I am in charge in my institution of a class where students prepare math interviews to enter university. Part of the time is devoted to the review of the topics of PreCalculus and Calculus the students studied the previous. This time is mostly filled with problem solving: standard practice problems and examination problems, together with problems tailored for interviews.

To help students review, I prepared many summaries (called "cheat sheet") of various topics. I feel unsatisfied with these cheat sheets. First of all, because it is time-consuming. Secondly, because I believe they should be made by students. My rationale is that

  1. actively making cheatsheets and summaries help students to memorize them.
  2. The other reason is that, by making a summary, students show they understand the bigger picture of a topic, how things are related and what are the key points on a topic.

I will have soon have some time that I planned to have students make their own cheatsheet on a given topic. Since it will be my first time doing it, I am concerned about

How should I organize such an activity?

I am interested in people's experience on the question.

For the sake of the question, you can consider it will be three times one hour spread in a week. The students are senior high-school students (12th grade, so about 18 years old). I would qualify their average organizational skills are low (with a high standard deviation): the best of them will use highlighters to... highlight important information in their textbook, together with additional comments in their margin. Seldom have I seen them writing summaries (while it is customary of senior high school students in my own country, France). This happens in Asia (but I don't think it really matters).

Note: I am open to answers that challenge the premise of the question and explain why cheatsheets/summaries made by students are a bad idea.

I think it is a great idea. Given their age and organizational skills, I don't think you will get total victory. At the same time, I have learned from weight training that the often the beginners make the biggest gains (easier to improve from weakness). So you should feel good about anything that introduces the method and that helps them some.

If you have 3 sessions, I recommend to try the following exercise [just BSing, never done it.]

A. Session 1: individual work. Have each student prepare a 1 page "cheat sheets". Should be limited to cover material they already know. Limited to in class time. To be graded based on appearance, completeness, selectivity (yes, these two conflict), prioritization, innovations, etc. [have a 5 minute discussion ahead of time, for the value of cheat sheet summaries.] Let the students know they will be graded. (low point count, but something, and on a curve, maybe gentle like 8/9/10, don't tell them you will be gentle ahead of time though...and if you have someone completely blow it off...slam them of course, but any honest attempt should get 8+). Also give the student with the best one a big bar of chocolate (let them know they all compete for a small prize, but keep the prize a secret for the fun aspect).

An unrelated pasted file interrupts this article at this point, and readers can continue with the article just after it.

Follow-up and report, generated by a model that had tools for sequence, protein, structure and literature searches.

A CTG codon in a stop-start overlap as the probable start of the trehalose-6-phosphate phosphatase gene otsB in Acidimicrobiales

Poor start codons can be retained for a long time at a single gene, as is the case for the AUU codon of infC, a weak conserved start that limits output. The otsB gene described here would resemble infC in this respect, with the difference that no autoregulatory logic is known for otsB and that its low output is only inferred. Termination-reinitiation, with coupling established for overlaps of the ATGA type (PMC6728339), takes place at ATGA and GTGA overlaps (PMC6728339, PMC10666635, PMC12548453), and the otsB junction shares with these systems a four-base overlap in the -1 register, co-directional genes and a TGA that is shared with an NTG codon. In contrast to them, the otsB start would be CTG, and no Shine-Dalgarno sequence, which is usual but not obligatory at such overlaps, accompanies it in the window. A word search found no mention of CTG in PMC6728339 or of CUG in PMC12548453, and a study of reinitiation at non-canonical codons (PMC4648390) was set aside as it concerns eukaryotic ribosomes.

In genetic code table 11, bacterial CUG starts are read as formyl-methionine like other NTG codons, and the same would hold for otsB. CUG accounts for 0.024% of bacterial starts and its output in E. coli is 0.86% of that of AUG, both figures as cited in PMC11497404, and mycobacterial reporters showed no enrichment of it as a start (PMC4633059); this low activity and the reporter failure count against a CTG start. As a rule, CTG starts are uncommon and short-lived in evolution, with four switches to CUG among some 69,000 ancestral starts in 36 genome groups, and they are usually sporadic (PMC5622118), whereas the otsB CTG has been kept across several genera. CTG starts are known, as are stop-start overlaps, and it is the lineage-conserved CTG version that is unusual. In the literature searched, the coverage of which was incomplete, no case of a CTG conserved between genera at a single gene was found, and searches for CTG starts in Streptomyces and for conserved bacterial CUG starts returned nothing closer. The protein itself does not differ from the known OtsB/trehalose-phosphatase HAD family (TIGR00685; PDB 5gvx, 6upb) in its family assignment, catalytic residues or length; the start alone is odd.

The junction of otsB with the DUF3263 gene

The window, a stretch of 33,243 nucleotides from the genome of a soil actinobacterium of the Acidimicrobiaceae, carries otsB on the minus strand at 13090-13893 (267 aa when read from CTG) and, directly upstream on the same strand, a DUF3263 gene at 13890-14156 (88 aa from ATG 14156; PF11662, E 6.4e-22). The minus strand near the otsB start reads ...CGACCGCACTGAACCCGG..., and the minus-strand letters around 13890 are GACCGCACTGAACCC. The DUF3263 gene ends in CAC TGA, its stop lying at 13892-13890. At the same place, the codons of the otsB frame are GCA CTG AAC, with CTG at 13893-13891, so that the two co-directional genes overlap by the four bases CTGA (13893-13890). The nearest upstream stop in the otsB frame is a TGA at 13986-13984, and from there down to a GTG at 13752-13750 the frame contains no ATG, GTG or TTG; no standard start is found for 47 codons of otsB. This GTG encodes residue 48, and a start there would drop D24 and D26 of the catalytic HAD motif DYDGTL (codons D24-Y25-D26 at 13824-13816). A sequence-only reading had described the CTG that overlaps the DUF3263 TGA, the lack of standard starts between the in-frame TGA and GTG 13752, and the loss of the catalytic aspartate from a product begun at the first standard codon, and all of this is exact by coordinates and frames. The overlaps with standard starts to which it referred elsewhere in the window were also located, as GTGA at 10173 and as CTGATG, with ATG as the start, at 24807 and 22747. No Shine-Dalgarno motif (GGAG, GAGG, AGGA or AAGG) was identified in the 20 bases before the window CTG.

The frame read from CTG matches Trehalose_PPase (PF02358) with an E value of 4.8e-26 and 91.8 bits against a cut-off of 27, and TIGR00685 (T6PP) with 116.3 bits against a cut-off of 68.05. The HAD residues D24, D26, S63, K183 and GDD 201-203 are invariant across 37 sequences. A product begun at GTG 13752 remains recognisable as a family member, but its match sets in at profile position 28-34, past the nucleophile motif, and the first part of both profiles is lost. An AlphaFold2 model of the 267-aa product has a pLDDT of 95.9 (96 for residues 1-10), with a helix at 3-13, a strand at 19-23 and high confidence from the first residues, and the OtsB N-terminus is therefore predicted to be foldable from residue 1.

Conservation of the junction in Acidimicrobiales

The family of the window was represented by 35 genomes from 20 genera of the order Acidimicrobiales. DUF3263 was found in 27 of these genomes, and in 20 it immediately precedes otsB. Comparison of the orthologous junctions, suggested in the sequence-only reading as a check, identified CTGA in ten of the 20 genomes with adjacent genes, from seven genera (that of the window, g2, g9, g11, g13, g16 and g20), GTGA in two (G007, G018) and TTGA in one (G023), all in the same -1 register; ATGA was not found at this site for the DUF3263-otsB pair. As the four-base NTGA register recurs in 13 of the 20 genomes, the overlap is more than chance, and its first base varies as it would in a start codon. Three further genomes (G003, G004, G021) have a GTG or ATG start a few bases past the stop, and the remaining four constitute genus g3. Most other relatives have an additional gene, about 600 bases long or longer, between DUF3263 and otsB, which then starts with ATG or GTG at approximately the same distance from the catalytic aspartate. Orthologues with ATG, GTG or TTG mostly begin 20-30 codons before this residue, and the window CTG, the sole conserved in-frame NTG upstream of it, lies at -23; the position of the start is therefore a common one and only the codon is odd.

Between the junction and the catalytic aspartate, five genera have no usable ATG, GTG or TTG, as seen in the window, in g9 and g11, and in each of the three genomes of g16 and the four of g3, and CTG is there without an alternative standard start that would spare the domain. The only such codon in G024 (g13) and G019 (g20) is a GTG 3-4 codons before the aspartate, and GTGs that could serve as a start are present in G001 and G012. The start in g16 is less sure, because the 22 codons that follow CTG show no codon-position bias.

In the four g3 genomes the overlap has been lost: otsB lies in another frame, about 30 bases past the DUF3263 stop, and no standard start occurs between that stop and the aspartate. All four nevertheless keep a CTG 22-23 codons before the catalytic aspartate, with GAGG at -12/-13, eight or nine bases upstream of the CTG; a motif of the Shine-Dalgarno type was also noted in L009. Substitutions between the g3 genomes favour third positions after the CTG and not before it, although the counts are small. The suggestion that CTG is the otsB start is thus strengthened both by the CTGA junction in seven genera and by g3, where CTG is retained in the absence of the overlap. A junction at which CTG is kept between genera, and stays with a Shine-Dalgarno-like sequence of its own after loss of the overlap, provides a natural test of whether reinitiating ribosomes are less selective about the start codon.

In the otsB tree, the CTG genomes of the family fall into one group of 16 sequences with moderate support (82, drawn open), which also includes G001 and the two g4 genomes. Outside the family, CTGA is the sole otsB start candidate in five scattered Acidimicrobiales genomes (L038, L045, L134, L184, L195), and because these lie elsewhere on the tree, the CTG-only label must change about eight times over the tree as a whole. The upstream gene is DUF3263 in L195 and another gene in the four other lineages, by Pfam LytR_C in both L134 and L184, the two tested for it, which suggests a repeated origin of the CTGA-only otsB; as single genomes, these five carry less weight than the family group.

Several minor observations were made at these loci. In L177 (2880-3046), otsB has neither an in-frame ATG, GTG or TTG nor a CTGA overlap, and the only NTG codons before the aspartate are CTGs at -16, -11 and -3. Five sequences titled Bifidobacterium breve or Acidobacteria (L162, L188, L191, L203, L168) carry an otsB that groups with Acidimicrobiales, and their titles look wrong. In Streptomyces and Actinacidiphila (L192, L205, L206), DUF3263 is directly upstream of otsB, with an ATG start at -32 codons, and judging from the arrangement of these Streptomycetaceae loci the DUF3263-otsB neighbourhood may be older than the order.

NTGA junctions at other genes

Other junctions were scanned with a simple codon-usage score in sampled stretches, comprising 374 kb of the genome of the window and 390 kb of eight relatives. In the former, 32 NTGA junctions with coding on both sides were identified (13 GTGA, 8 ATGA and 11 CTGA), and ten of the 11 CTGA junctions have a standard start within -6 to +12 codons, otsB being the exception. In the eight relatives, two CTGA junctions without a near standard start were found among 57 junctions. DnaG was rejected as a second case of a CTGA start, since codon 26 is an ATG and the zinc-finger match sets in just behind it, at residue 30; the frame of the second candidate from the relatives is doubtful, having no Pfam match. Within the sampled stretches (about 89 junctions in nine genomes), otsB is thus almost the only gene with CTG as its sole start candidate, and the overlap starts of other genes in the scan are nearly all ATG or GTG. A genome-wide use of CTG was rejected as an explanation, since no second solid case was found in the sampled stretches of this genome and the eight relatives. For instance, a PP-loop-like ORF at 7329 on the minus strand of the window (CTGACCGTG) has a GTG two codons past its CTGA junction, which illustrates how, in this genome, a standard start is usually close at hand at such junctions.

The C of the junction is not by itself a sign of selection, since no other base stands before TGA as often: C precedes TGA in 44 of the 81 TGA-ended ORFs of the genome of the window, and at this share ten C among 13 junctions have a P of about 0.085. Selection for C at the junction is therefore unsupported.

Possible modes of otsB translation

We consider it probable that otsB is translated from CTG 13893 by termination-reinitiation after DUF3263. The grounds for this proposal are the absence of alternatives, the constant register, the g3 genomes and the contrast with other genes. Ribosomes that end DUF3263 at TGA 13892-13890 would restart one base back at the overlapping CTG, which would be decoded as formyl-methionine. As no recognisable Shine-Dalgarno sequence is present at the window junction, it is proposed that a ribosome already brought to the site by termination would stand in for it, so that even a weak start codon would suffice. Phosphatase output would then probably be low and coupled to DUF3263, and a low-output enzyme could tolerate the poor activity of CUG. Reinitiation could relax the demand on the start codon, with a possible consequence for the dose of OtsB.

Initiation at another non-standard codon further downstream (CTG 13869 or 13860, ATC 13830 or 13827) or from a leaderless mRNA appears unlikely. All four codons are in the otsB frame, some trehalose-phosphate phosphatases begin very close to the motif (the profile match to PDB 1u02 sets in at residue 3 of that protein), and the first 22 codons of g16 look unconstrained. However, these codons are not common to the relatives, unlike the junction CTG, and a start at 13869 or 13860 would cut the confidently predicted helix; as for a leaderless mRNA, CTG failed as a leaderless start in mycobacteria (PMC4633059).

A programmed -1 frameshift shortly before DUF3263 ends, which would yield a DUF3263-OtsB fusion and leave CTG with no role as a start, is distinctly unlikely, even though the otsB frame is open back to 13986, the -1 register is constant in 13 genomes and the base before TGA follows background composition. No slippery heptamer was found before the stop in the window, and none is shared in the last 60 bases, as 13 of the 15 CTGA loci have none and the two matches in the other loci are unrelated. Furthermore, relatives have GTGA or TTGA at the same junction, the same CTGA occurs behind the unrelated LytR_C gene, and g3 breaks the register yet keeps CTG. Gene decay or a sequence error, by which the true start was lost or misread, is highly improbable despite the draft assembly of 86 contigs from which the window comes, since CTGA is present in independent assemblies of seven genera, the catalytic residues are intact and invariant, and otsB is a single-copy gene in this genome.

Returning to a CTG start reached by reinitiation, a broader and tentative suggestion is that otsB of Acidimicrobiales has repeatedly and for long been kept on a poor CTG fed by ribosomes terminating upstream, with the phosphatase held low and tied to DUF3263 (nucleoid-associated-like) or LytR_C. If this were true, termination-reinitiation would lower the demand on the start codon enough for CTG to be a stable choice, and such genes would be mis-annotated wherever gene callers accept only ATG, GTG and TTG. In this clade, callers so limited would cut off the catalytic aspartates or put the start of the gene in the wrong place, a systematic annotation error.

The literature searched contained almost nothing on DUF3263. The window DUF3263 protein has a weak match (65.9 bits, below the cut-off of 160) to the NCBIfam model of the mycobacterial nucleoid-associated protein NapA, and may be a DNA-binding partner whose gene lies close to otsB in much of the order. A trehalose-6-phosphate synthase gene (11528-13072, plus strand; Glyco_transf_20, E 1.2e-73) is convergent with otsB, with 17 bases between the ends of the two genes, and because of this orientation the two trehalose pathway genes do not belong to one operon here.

B. Session 2: First hand out the graded results of the first session, and the chocolate. Avoid much class discussion and move to the main work...paired work. Same thing, but pair the students (you assign them) and have them make a best version together. [Use your judgment on how much to debrief the previous work assignment. My gut is not to debrief too much, so they have some uncertainty and freedom to innovate. Also so as not to derail the purpose of session 3.]

C. Session 3: debrief and discussion. Give grades out again for the paired submissions. Go over (on the overhead, or better yet, hand out copies) of the "best submission. Do another bar of chocolate for the winner. Have class discussion (what was missing, what was too much, what were things they disagree with). Let them all out 10-30 minutes early as a group reward assuming they played along the past two sessions (or give them free time in class if wandering halls not allowed is not allowed).


I think that is plenty. If you wanted to do less, you could probably just do two sessions (second paired one, not graded, and shorter, with in class discussion last half hour). Anyhow, this will totally give them an exposure to making their own cheat sheets. As well as some effort to think about how to do the best ones. After that, it is up to them to progress and use them. But you have exposed them enough to "fishing" that they have some potential to feed themselves.

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